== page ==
morning geyser

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Yellowstone sees rare dual eruption of Morning and Fountain geysers

On Wednesday, a group of dedicated geyser enthusiasts headed to the Lower Geyser Basin in Yellowstone National Park to await a possible eruption of Morning Geyser near the Fountain Paint Pots. The hours of waiting paid off not only in an eruption of Morning Geyser, but also a rare simultaneous eruption from Fountain Geyser. This became the 9th known dual eruption of these two closely connected geysers in the history of Yellowstone. Morning erupted for a full 33 minutes before quieting down and allowing Fountain Geyser to finish another hour of the eruption. The total eruption of Fountain Geyser lasted 93 minutes. The early evening light and blue skies dotted with summer clouds made for fantastic viewing conditions. A couple of the bursts from Morning reached 150-200 feet as estimated by knowledgeable geyser gazers. Continue Reading →

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Yellowstone Geyser Report for October: Great Fountain Goes Wild

The geysers and other thermal features of Yellowstone National Park make up a vast, complex and dynamic collection of constantly changing natural wonders. A wide range of amateur hobbyists and professional geologists and hydrologists regularly track the activities and changes in Yellowstone’s thermal features and post their findings at various sites online. Here's a look at October's thermal activity. October saw quite a few interesting changes, and based on reports, would have been a great time to head to Yellowstone to see things in person. The first snowfall of the season came to Yellowstone and closed some of the entrances in October. Continue Reading →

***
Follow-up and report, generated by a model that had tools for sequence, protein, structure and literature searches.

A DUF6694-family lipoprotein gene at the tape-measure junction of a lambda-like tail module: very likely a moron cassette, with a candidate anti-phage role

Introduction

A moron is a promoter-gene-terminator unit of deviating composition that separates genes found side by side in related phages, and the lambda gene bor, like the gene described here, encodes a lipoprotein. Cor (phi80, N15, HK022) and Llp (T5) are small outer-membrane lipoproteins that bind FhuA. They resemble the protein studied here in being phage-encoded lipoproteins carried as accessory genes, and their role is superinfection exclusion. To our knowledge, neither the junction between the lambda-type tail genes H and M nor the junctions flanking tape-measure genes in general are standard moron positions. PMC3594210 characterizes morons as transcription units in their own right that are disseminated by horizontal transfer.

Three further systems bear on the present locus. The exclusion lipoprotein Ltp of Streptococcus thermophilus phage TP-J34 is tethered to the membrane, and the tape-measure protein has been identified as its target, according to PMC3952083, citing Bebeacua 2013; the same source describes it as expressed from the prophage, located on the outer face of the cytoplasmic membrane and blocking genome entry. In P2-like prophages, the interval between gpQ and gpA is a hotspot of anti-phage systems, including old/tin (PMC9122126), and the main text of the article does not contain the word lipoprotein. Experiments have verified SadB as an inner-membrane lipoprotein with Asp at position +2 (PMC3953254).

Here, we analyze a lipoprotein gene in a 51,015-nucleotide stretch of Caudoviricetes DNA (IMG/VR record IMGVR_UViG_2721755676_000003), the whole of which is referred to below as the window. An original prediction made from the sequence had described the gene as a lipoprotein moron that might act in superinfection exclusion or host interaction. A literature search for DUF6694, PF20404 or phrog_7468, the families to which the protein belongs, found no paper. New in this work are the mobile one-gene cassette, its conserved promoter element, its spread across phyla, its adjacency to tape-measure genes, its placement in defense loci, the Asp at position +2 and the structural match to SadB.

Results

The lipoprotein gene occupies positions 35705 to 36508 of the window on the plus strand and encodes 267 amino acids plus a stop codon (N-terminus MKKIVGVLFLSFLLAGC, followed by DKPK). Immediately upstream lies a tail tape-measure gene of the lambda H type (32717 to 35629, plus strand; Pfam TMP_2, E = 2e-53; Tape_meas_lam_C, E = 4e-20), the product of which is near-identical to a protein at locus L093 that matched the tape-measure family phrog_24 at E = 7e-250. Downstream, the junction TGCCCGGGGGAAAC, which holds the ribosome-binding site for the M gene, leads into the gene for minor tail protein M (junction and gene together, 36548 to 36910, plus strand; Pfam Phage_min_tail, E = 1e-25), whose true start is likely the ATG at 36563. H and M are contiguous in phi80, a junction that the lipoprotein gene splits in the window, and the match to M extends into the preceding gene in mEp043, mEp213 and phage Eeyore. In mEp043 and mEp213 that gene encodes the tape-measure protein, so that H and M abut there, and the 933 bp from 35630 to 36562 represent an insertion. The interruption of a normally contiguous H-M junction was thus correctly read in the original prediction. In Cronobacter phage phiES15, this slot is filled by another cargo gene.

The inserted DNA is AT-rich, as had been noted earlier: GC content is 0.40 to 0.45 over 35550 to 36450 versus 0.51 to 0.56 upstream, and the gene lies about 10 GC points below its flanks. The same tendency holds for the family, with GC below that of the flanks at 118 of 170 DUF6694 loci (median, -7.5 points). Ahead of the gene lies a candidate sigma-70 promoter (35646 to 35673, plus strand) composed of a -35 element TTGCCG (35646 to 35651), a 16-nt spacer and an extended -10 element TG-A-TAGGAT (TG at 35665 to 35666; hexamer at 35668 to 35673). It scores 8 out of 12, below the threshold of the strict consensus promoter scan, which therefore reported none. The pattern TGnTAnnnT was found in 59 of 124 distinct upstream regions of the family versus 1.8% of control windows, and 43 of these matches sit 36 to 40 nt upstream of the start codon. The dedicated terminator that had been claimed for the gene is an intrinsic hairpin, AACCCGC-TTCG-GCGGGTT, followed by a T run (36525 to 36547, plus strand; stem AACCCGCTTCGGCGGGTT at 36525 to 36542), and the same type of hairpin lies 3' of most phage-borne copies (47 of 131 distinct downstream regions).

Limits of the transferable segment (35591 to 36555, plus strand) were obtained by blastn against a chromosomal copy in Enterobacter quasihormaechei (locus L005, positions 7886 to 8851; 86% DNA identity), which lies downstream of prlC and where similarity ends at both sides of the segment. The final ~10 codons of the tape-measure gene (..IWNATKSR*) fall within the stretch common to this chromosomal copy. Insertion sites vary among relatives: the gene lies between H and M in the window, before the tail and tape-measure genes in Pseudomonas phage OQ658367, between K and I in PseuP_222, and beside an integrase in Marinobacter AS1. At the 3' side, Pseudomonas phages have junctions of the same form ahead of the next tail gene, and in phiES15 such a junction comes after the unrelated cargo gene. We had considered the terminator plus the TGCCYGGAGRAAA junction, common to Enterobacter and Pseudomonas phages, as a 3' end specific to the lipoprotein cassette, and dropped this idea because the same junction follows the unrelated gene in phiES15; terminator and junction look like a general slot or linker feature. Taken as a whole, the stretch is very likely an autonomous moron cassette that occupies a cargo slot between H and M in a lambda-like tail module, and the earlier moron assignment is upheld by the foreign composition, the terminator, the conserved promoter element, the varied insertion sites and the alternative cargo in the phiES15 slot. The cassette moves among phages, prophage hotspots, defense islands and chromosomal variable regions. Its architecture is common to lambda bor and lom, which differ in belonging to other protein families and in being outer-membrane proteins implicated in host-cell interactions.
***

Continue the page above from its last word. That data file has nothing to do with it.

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Yellowstone geyser report for September: Fan and Mortar fall into a rhythm

September 2012 saw Plume Geyser stop erupting for the second time this year. The last known eruption was on the morning of September 6. While no eruptions have been seen since, constant gurgling lets us know the water isn’t terribly far below the surface. Listen to the gurgling of Plume Geyser here. Beehive Geyser seems to be averaging an eruption once every 12-17 hours. About 15 hours is a good guess to have for the center of an unofficial prediction window. Most daytime eruptions are caught on the live streaming webcam and can be a nice break during the work day. Aurum Geyser has had a few 3- and 4-hour intervals between all the long intervals of 10 or more hours. That means it's likely to shift into winter mode soon. Continue Reading →

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